Chair of History of Philosophy
The Chair of History of Philosophy teaches general courses in the history of philosophy as well as special courses on current philosophical problems seen from historical perspective. Our research focuses on Ancient Greek philosophy, Early Modern philosophy, classical German philosophy, 19th-century philosophy, phenomenology, existentialism, being-historical thinking, hermeneutics, Continental aesthetics, 20th-century French philosophy and Estonian philosophy.
I have worked at the Depatment of Philosophy at the University of Tartu since 2003. Currently I'm the Head of the Chair of History of Philosophy. My PhD dissertation was on the philosophy of George Berkeley.
My areas of research are Early Modern Philosophy and contemporary analytic Philosophy of Religion.
I teach introductory courses in Philosophy and History of Philosophy, as well as a specialized course in the Philosophy of Religion.
I have published a number of newspaper articles on problems facing higher education and given several radio talks on Philosophy.
Centre of Excellence in Estonian Studies (CEES) project (SHVHV16145T, 2016-2023, PI Mare Kõiva). The Centre brings together 15 research groups with more than 60 researchers in addition to more than 50 post-graduate students from the Estonian Literary Museum, the University of Tartu (from the sphere of the humanities and arts as well as from the natural and exact sciences), the Institute of the Estonian Language, Tallinn University, the Estonian Academy of Music and Theatre, and the Institute of Cybernetics at the Tallinn University of Technology. The Centre studies the linguistic and cultural dimensions of Estonia and Estonian identity, both from a historical and contemporary perspective.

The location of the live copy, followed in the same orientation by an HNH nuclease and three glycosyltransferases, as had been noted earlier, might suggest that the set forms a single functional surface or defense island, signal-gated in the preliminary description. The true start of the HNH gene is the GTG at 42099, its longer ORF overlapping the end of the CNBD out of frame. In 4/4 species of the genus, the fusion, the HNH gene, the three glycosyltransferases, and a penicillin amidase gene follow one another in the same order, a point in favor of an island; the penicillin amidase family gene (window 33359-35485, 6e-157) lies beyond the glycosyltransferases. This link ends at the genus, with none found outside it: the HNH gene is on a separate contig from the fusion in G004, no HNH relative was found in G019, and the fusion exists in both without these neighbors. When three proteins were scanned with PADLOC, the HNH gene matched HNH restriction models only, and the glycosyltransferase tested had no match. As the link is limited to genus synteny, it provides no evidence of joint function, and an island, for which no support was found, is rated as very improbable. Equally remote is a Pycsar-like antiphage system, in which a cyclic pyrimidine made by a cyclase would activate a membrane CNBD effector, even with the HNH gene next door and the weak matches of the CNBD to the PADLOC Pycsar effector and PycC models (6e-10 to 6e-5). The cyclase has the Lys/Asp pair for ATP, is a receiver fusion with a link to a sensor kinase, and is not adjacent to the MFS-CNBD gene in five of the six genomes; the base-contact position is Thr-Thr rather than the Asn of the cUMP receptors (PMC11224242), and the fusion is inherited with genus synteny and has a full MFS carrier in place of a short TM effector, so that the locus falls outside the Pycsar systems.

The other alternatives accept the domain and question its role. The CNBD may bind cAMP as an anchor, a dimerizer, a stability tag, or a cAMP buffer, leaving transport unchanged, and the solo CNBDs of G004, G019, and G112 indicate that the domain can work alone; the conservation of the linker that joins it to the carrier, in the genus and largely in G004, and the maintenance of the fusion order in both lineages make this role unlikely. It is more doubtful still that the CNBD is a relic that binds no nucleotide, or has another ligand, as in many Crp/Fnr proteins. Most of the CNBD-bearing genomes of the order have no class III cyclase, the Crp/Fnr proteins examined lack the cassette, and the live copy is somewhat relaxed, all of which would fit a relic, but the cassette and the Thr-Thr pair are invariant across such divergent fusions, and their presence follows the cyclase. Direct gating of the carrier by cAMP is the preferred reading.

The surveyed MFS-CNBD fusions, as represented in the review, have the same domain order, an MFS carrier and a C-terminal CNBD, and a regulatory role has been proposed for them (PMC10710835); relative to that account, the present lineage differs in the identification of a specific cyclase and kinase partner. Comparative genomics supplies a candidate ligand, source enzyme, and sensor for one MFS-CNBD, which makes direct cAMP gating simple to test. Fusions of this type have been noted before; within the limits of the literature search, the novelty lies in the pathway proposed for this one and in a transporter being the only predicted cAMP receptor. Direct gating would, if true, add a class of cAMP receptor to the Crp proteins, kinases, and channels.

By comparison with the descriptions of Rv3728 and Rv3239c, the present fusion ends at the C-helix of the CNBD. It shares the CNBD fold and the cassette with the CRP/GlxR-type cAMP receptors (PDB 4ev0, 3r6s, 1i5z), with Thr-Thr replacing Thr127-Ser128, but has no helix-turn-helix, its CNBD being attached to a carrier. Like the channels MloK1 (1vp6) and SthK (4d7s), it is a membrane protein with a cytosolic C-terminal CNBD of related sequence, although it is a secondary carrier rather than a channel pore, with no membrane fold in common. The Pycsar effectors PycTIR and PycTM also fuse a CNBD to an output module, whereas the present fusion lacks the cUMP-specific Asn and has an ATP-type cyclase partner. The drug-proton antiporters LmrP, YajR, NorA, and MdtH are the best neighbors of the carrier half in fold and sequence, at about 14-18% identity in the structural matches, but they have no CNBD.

“Plantinga, Schellenberg, and Mental Images at the Heart of Faith,” in Dahl, E., Henriksen, J.-O., Mjaaland, M. T. (eds.), Imagination in Religion: Perspectives from the Philosophy of Religion, Münster: LIT Verlag, 2021, 97−110.
“Early Modern Natural Philosophy Allied with Revealed Religion: Boyle and Whiston,” in Fuller, M., Evers, D., Runehov, A., Sæther, K-W., Michollet, B. (eds.), Issues in Science and Theology: Nature – And Beyond. Transcendence and Immanence in Science and Religion, Springer, 2020, 233−243.
“Berkeley's Theory of Meaning in Alciphron VII,” British Journal for the History of Philosophy, 17, 1, 2009, 99-118 (co-authored with Kenneth Williford).
I rejoined the Department of Philosophy in 2018 after being a Fulbright Scholar at Columbia University (2013-2014) and then a Marie Curie Scholar at New York University (2015-2018).
My main research area is Ancient Philosophy (especially Socrates and Plato) but I have also substantial interests in contemporary Epistemology.
The courses that I have taught in recent years include "Philosophy as a Way of Life", "Ancient Skepticism", and "Applied Epistemology"
From September 2022 - August 2025 I will be a researcher at the University of Uppsala Department of Philosophy within the project "Joint Inquiry", which approaches Plato's dialogues as examples of joint inquiry and attempts to draw lessons about the nature of joint inquiry from them. // Centre of Excellence in Estonian Studies (CEES) project (SHVHV16145T, 2016-2023, PI Mare Kõiva). The Centre brings together 15 research groups with more than 60 researchers in addition to more than 50 post-graduate students from the Estonian Literary Museum, the University of Tartu (from the sphere of the humanities and arts as well as from the natural and exact sciences), the Institute of the Estonian Language, Tallinn University, the Estonian Academy of Music and Theatre, and the Institute of Cybernetics at the Tallinn University of Technology. The Centre studies the linguistic and cultural dimensions of Estonia and Estonian identity, both from a historical and contemporary perspective.